Newspaper article Pittsburgh Post-Gazette (Pittsburgh, PA)

Being Prince Charming

Newspaper article Pittsburgh Post-Gazette (Pittsburgh, PA)

Being Prince Charming

Article excerpt

Every June, as I will next month, I attend a Christian writers' conference at Grove City College. Since most of the conferees are female, we stay in a women's dormitory on the Mercer County campus.

At one end of the dorm, a staircase winds gracefully from a second-floor balcony down to the lobby, and at the 2010 conference it dawned on me that female students in formal attire likely descend those stairs to meet their escorts. Indeed, it may have been constructed precisely so that they might make such a dramatic entrance.

What I wouldn't give to have been one of the men waiting at the foot of those stairs.

I realized then that I've always wanted to be Prince Charming or, at the very least, to play that role. The idea of dressing up for fancy soirees, which might bore other men to tears, actually appeals to me.

Influenced by the early-to-mid-1970s maxi-skirt craze and the relative maturity of the girls I knew then who wore them, I've developed a taste for sartorial elegance. To this day, any woman trying to get my attention has a far better chance of doing so wearing an evening gown than a bikini. In my case, less -- skin, that is -- has always been definitely more.


High school prom season is ending, of course. Occasionally on my way home from work I've witnessed groups of giggly teenagers in their finery lined up to enter what is now the Wyndham Grand hotel, just a block over from the Post-Gazette's main office.

For me, such a scene always resembles watching fish in an aquarium, my nose pressed against the glass. I missed my own prom, which was 33 years ago, because there was no one for me to invite. Yeah, some say the ritual is overrated and my closer male friends back then generally didn't go either; still, I would love to have attended.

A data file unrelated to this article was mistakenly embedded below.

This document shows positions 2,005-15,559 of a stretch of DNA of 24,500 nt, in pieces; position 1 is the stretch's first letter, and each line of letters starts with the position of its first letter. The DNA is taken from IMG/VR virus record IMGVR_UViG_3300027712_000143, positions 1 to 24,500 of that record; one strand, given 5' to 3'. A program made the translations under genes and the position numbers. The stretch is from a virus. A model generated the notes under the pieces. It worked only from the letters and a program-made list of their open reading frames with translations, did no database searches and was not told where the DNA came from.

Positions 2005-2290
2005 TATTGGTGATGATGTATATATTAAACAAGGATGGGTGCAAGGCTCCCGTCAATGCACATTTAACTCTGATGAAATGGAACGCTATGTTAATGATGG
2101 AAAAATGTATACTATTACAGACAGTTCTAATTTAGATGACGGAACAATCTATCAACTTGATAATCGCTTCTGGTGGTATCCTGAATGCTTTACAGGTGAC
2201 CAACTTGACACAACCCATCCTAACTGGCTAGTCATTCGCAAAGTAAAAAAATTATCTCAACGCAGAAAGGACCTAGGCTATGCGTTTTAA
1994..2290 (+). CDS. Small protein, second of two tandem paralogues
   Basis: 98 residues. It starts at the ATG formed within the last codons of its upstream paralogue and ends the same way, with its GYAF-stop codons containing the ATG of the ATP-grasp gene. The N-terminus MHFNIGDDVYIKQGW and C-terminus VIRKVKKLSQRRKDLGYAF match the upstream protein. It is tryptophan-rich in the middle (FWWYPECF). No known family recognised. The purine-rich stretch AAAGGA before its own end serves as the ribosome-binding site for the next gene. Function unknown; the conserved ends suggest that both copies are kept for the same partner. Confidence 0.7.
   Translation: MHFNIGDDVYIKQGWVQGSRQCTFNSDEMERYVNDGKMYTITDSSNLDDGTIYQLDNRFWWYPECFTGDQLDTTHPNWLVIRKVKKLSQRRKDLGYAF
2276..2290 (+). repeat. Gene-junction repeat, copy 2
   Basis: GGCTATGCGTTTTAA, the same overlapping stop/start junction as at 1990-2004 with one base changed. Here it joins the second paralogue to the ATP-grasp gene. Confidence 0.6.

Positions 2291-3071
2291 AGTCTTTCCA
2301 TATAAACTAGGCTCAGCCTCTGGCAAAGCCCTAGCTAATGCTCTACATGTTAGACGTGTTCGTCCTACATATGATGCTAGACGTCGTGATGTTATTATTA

However, at that time I didn't have many female friends, as a lot of girls I knew tended not to bother with boys at all unless they had a romantic interest. I didn't generate any of that, as far as I knew, plus I wasn't one of the popular kids.

After reading several books by author John Eldredge, who writes primarily on masculine development, I began to understand why not going to the prom left a hole in my soul.

The prom represents a passage into adulthood, for which you have to prepare -- learning how to drive a car, for instance, which was among the things my father never encouraged me to do. And adulthood inevitably means making hard choices about the future, including college, love and career.(While I'll never know for sure, I suspect that Dad, gone since 1993, feared -- justifiably -- that I would eventually leave if I ever started making my own decisions.)

Needless to say, many boys skip the prom even when they have the opportunity to go. Maybe they feel uncomfortable in a suit and tie. Maybe they don't want to deal with the expense. …

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